Student Veterans Frequently Paid Late By VA

Work-study veterans having difficulty getting paid on time.

Reports from all across the country indicate that a number of veterans who work part-time for the VA while attending college are consistently receiving paychecks that are weeks, even months late. A number of veterans are forced to take out loans or borrow money to provide for their families, stay in their homes, and pay their bills in the meantime.

Air Force veteran Jon Bohlander, a single parent of three, has asked Rep. Kevin Yoder, R-Kan., for help getting the VA to pay. After Yoder's office made inquiries, the turnaround improved for two or three weeks, but then it "just falls back into the routine again," he said.
A few interesting points from the article highlighted the problem in stark terms:

  • Six veterans interviewed by The Associated Press reported delays of up to two months in getting a paycheck or getting approval for the contract allowing them to hold a work-study job. They also complained of long waits on hold when calling about the checks and contracts.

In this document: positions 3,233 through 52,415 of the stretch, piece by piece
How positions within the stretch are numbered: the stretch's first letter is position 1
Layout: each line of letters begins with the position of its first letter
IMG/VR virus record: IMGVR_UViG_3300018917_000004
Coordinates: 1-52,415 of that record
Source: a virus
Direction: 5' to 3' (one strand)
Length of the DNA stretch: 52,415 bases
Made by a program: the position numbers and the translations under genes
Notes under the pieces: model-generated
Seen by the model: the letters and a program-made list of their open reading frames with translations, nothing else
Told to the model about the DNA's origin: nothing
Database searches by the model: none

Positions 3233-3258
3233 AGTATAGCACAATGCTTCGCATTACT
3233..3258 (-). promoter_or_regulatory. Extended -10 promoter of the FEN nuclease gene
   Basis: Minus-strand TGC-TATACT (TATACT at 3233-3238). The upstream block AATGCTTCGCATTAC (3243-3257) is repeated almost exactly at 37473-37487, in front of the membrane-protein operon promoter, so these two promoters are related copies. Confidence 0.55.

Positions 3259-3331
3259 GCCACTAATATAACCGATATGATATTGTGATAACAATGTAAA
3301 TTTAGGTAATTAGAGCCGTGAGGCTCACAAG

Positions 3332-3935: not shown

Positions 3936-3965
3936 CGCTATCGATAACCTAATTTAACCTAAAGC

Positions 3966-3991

• Veterans at the University of Colorado, Denver, keep score to see "who cannot get paid the longest," said Metcalf, an Air Force veteran who has a work-study job. The record is 90 days.

The focus of the work-study jobs is generally offering support to other veterans. Student workers assist veterans in signing up for benefits, process paperwork at colleges or VA offices, work at VA hospitals, or at cemeteries.
The article claims veterans say they hang on to the jobs despite the problems because their days and hours are flexible and they prize the loyalty and friendship of their co-workers and bosses. They also feel an obligation to help other veterans navigate through college life, a radically different world from the military.
"It's my duty to do that," Metcalf, a veteran from Colorado, said. "And I take that on, even though I'm not getting paid in a timely manner."